Pueblo County, Colorado
Patrick J. Desmond

Contributed by Karen Mitchell and Jean Griesan. Photo by Floyd Kelling.

Patrick Desmond 1841-1890
Patrick Desmond, a native of Ireland, came to America when a young man and worked his way westward. He arrived in South Pueblo in 1873 to operate a hotel. He became South Pueblo marshall, deputy sheriff, and member of the Rocky Mountain Detective Association. Desmond probably apprehended more suspected criminals than any of his peers in Southern Colorado in the 1870's and 1880's. He also engaged in numerous successful business enterprises, including a livery stable, employment service, and saloon. Incidents resulting from an uncontrollable temper, fueled by liquor, were frequent. In one instance, he beat the daylights out of a South Pueblo newsman who wrote something with which he disagreed. Desmond moved to Ogden, Utah in 1889 and was shot to death March 1, 1890, in a saloon which he owned. His body was returned to Pueblo and he was buried alongside a son and a daughter who had died from diphtheria in April 1882.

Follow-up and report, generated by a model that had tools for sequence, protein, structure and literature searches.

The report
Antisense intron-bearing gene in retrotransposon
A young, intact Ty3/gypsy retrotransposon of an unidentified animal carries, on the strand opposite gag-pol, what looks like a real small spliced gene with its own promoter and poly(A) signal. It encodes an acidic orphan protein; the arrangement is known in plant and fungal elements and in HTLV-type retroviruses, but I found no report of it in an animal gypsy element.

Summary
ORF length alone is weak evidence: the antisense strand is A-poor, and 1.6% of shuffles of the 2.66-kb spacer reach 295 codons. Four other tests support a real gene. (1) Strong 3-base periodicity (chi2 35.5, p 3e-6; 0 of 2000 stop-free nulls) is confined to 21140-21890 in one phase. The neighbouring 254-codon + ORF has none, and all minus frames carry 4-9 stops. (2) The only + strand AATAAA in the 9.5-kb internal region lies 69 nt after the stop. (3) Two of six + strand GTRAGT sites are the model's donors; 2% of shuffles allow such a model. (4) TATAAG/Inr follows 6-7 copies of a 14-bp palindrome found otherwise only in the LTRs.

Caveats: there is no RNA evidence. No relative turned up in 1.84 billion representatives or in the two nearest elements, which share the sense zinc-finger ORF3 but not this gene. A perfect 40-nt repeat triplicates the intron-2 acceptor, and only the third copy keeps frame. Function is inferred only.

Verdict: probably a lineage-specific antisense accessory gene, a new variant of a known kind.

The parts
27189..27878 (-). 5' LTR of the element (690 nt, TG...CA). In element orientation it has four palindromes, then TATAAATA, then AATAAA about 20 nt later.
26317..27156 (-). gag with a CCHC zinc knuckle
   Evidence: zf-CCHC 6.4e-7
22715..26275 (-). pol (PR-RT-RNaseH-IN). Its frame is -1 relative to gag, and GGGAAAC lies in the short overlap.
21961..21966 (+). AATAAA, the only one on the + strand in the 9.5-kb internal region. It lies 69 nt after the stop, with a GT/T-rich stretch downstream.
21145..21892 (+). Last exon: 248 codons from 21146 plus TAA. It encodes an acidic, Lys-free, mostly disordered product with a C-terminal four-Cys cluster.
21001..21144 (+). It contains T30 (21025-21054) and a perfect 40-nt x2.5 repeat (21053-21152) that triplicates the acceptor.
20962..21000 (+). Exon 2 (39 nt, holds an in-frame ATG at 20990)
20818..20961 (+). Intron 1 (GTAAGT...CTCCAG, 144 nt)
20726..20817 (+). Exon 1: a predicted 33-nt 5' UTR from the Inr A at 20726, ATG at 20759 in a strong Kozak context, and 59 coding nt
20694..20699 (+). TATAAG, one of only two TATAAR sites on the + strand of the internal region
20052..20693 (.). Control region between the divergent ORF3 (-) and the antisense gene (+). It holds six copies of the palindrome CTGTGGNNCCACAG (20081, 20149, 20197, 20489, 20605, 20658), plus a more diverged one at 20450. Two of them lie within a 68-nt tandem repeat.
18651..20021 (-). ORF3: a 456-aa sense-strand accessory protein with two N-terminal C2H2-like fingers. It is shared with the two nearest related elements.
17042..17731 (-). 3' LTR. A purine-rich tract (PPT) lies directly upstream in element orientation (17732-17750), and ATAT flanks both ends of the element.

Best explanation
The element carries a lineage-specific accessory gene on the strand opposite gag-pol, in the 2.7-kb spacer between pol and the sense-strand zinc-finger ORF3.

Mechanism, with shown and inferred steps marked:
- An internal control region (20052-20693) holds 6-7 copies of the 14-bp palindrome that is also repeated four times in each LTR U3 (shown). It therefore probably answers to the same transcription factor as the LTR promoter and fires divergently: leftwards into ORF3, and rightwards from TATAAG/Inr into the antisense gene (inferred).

The above-named gentleman was born in the county of Cork, Ireland, in 1841, and is a distant relative of the Earl of Desmond, with whom his father was imprisoned by the English Government for opposing its measures, and by it had his property confiscated, which left him unable to obtain for his children the school advantages he otherwise would. Hence, the subject of this writing had only a slight schooling, and has had to win his own way in the world independent of a thorough education and influential friends, excepting those he has acquired by his individual efforts. Acting on the suggestion of a cousin, one John Buckley, a stockholder in the New Orleans Street Railway, he, in 1864, came to the United States. He stopped in Chicago, Ill., a year, went to Lake Superior where he worked another year, then to Oil City, Penn. From Oil City he went to Chicago with quite a sum of money, where he joined the Perry Guards, and crossed into Canada with the Fenians in 1866; he was in the fight of Ridgeway. He returned to Chicago and went out on the Chicago & North-Western Railroad, with bridge contractor Sherman, arriving in Council Bluffs, Christmas, 1867. As assistant wagon-master of a Government train, he left Council Bluffs for Fort McPherson. Forty miles from the celebrated Jack Morrow's ranch, on McFarlan's Bluff, the train was corraled by Indians, and escaped massacre through the arrival of a company of soldiers, who guarded it to Fort Sedgwick. There he was occupied for a short time in keeping the fort in meat by hunting antelope. From Sedgwick, he made an important trip to the North Platte for a load of Spencer carbines. He stayed in the Government employ till 1868, plying between Forts Sedgwick, Sanders, Laramie and Fetterman, doing different duty, as freighting, helping to protect apostate Mormons from the Mormon Church authorities, and others from Indians, having many fights with them. He left the employ of the Government in 1868, and entered the service, as watchman of freight, of Wells, Fargo & Co., between North Platte and Julesburg, and was at Julesburg when the Indians attacked the station and burned the stations between that place and Denver. Leaving Wells, Fargo & Co., he went on the Union Pacific Railroad as detective, remaining on it until it was finished to Corinne, Utah; then went to Omaha, St. Louis and Chicago—being comfortably well off financially—on a two-months' visit. In 1869, he went to Fort Hays, beginning work on the Kansas Pacific Railroad as foreman for Messrs. Fields & Jones, and acted as such until that road was built to Kit Carson, a place which, besides being a railroad terminus, was a frontier rendezvous for desperadoes and other rough and lawless characters. To ferret out and arrest them, needed a man of shrewdness and courage, and Mr. Desmond was selected as such a man by the Sheriff and Justice of the county, and appointed by them Constable and Deputy Sheriff. He appointed Thomas Smith his assistant, and captured many of the gang of roughs, ridding the place of the dangerous element which infested it. In order that the reader may get a correct idea of the death he continually faced, it is incidentally remarked here, that Smith was since Marshal of Oberlin, Kan., and in the discharge of his duty had his head completely severed from his body by an ax in the hands of an outlaw. Fields, in a partnership with a Mr. Hill, took a contract to grade a portion of the Denver & Rio Grande Railroad, and sent to Kit Carson for Mr. Desmond to come to Denver and again be foreman for them, which he did, staying with them until the road was built to Colorado springs. The road being built no further for awhile, he, wishing not to be idle, took several teams he owned and joined the bridge builders and returned to Denver. Becoming tired of living in Denver, he went to Golden and opened a restaurant. From Golden he went to Georgetown, where he engaged in mining. In 1873, he went to Denver again, and from there to South Pueblo and leased a hotel. Soon after arriving at the last-named place, he was appointed Constable and Marshal, and holds these offices at the present time. He has been a member of the Rocky Mountain Detective Association for a number of years.  History of the Arkansas Valley, Colorado O L Baskin & Co., Chicago, 1881

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